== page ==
Painter and engraver Sisto Rosa, called Badalocchi or Badalocchio, was born on 28 June 1585 in Parma.

By Ioannis Tzortzakakis

Painter and engraver Sisto Rosa, called Badalocchi or Badalocchio, was born on 28 June 1585 in Parma. He worked in his native city of Bologna as well as Rome and Reggio Emilia. In Bologna he entered the workshop of Agostino Carracci; in Rome he was a student of Giovanni Lanfranco and later of Annibale Carracci, with whom he worked, among others, in the decoration of the Galleria Farnese and the Herrera Chapel in Santa Maria di Monserrato, Rome.

In 1607 he published, with Lanfranco, a series of 51 etchings after Raphael’s frescoes in the Vatican Loggia. Even though, he did not receive a reputation when he was alive, it is believed today that Badalocchio was a prominent figure in bringing the novelties of Roman Baroque to northern Italy. He died sometime after 1621.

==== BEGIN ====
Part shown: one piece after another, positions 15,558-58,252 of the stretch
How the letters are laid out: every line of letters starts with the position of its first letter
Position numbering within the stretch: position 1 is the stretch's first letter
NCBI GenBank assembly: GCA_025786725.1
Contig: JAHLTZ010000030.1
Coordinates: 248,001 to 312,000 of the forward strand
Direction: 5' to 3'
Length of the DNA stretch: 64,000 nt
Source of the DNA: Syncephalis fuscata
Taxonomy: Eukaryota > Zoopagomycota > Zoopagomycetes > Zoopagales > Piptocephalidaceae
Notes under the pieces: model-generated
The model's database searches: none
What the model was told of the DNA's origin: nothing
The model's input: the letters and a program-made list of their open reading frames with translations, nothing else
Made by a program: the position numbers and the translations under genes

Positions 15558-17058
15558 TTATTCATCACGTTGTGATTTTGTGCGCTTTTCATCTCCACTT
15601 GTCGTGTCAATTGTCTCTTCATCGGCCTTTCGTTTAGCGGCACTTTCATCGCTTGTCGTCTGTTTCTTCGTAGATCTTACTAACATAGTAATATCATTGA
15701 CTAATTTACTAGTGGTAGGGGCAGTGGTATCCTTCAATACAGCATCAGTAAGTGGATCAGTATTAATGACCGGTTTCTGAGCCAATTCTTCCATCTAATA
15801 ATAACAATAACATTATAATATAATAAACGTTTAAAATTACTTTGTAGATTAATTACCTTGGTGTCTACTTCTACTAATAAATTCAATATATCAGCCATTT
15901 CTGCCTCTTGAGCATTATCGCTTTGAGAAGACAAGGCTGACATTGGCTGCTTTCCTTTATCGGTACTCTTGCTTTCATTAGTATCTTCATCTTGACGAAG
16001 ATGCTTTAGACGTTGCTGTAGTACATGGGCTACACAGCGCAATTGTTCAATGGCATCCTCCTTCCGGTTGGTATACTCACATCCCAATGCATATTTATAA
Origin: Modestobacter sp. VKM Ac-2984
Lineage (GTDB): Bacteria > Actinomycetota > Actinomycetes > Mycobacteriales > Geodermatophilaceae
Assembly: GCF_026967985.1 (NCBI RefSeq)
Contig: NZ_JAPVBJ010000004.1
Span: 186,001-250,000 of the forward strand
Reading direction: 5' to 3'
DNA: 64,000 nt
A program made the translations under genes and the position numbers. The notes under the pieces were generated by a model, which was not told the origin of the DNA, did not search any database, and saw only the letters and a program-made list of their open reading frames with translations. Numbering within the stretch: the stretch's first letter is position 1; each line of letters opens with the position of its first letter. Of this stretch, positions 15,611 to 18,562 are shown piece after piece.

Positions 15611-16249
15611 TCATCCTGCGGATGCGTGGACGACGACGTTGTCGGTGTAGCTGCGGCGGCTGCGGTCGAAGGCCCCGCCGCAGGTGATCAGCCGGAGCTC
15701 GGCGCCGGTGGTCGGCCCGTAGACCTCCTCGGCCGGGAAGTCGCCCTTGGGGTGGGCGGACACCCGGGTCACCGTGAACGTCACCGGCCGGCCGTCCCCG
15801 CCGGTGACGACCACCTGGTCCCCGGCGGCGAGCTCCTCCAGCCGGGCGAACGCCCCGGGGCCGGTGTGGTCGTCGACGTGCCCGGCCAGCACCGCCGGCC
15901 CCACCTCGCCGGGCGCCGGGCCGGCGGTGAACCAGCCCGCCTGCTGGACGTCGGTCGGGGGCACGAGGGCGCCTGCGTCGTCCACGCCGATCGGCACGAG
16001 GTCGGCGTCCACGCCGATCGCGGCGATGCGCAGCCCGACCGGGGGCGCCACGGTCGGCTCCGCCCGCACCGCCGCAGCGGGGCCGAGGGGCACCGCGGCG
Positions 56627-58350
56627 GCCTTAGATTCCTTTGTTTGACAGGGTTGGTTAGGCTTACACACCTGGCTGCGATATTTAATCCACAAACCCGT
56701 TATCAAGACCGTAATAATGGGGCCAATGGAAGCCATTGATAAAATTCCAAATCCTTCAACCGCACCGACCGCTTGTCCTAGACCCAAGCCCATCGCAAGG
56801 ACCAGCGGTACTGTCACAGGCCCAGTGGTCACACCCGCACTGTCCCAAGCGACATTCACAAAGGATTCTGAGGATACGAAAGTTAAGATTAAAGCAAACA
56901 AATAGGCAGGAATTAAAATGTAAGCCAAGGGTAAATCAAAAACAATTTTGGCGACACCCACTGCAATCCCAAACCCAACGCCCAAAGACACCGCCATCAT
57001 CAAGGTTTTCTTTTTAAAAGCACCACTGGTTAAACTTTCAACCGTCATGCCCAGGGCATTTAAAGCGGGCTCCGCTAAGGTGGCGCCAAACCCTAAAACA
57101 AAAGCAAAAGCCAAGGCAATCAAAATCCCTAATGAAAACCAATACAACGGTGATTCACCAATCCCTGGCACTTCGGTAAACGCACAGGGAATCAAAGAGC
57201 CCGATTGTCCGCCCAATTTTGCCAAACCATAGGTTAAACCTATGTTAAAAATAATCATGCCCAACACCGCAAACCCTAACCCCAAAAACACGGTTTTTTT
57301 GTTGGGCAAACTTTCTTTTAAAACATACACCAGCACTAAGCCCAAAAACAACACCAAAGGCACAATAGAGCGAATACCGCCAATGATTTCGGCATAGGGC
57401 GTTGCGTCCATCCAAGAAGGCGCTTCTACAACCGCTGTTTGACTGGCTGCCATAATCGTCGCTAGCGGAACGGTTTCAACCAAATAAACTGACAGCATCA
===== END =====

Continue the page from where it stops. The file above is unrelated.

Further Reading: 

Tuyll, Carel van (1983) “Badalocchio in America: Three New Works” in The Burlington Magazine, Vol. 125, No. 965, pp. 468-476.


Susanna and the Elders, c. 1609. Oil on canvas. Ringing Museum of Art, Sarasota. 

The Entombment of Christ, c. 1610. Oil on canvas. Galleria Borghese, Rome. 

Holy Family, c. 1610. Oil on panel. Wadsworth Athaneum, Connecticut. 

Jacob and Laban with Leah and Rachel, from the series of etchings “Biblical Scenes, after the frescoes by Raphael in the Vatican Loggia,” 1607. Fine Arts Museums of San Francisco. 

Christ Carried to the Tomb, after 1609. National Gallery, London. 

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